Danger, risk and adversity are illustrated in this small sailboat facing a Tsunami.

Photo by: John Lund

John Lund

Can Birds Warn Us About Natural Disasters?

Researchers think birds can hear hurricanes and tsunamis coming. Scientists are hoping to capitalize on that sixth sense to develop an early detection system to save lives.

October 27, 2021

Bar-tailed godwit birds migrate more than 8,500 miles between New Zealand and Alaska. While communities in Southeast Asia, French Polynesia, and the Pacific islands are frequently affected by major storms and natural disasters, these birds emerge from the journey each year, unscathed.

After French navy officer, Jerome Chardon heard a program about bar-tailed godwits on the radio, he was inspired. Could studying how godwits navigate coastal storms help save lives?



Bar-tailed godwit.

Photo by: rockptarmigan


Bar-tailed godwit.

At the beginning of this year, a team from France’s National Museum of Natural History (NMNH) began experiments to explore Chardon’s idea. Funded by the French Ministry for the Armed Forces, the researchers tracked 56 birds across five species. Using cutting-edge technology, these tags transmitted the birds' location to the International Space Station (ISS) which bounced their location back to scientists who tracked their migration.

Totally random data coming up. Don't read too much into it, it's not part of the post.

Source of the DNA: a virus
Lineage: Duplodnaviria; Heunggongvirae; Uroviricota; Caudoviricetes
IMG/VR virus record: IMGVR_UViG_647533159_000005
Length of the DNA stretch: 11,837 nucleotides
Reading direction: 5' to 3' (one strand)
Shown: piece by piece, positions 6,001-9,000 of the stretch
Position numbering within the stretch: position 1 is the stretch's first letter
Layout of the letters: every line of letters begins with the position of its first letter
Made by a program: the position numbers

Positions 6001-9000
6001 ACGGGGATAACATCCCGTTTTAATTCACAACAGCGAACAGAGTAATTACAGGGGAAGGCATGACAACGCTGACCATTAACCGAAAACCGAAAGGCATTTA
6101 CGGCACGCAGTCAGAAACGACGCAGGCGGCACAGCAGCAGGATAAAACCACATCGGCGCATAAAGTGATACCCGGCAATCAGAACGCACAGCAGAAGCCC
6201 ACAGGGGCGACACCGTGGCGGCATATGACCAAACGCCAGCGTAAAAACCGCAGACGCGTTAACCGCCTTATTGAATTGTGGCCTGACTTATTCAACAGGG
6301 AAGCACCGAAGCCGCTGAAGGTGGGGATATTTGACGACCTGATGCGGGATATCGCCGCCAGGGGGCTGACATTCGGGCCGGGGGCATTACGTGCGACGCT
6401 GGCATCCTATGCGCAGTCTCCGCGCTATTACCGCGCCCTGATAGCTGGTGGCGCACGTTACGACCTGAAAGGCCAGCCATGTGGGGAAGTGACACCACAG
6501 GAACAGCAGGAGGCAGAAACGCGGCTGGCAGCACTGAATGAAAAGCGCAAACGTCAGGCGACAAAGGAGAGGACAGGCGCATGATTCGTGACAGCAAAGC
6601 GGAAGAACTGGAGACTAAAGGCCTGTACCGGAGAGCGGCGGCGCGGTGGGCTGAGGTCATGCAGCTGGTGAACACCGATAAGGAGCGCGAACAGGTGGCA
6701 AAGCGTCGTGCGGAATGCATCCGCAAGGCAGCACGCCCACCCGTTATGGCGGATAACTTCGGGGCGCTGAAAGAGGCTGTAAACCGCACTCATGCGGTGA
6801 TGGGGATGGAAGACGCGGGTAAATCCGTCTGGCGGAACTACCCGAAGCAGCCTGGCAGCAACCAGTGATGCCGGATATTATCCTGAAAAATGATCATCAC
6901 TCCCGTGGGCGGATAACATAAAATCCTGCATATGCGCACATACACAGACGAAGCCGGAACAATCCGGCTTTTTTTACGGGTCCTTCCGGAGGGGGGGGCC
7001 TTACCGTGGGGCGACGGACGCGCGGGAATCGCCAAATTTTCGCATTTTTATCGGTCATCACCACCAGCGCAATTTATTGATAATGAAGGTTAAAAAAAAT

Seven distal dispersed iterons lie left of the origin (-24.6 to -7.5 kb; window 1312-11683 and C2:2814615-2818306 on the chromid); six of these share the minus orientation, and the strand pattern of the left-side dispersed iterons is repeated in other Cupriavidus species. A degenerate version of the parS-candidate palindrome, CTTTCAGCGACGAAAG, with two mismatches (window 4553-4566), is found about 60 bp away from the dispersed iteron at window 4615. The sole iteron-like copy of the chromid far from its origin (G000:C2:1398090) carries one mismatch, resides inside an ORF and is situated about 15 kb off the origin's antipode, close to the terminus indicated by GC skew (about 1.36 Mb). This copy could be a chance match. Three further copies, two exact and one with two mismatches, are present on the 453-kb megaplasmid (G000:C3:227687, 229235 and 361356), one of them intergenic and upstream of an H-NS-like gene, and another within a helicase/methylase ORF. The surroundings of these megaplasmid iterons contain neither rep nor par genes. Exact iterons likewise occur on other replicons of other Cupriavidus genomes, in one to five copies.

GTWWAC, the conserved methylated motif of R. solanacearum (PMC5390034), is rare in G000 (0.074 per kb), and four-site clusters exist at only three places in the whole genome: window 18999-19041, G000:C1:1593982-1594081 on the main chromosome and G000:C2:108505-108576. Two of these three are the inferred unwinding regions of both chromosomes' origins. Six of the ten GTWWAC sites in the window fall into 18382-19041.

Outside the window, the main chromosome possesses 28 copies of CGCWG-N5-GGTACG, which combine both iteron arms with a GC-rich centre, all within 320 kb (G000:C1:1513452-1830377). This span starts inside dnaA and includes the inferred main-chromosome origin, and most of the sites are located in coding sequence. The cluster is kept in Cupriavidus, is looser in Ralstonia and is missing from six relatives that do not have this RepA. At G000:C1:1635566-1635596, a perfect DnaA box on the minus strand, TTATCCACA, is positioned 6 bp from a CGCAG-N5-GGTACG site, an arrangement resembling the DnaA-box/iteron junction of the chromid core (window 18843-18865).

Scientists believe it is the birds' ability to hear infrasound — low-frequency sounds inaudible to humans — that allows the birds to sense storms and tsunamis coming.



Bar-tailed godwit migration in Australia.

Photo by: Jason Edwards

Jason Edwards

Bar-tailed godwit migration in Australia.

A 2014 study showed birds dodged storms by listening to infrasound, evacuating a full 24 hours before any bad weather hit. If godwits can perceive infrasound generated by Pacific storms, tracking their movements to avoid natural disasters could serve as an early storm detection system for people.

The team's main focus is tsunamis. They want to tag hundreds more birds across the Pacific to continue collecting data on their movements. “I think if there is one wave that spreads across islands, yes, we should get data from different species at different locations to see if there are some convergent behaviors,” said Frédéric Jiguet, an ornithologist at NMNH. “That would definitely say it’s worth continuing to tag and to develop local systems to better analyze this.”

Even if the bird-based tsunami prediction system fails, the project will still help scientists protect this important species and improve conservation efforts.

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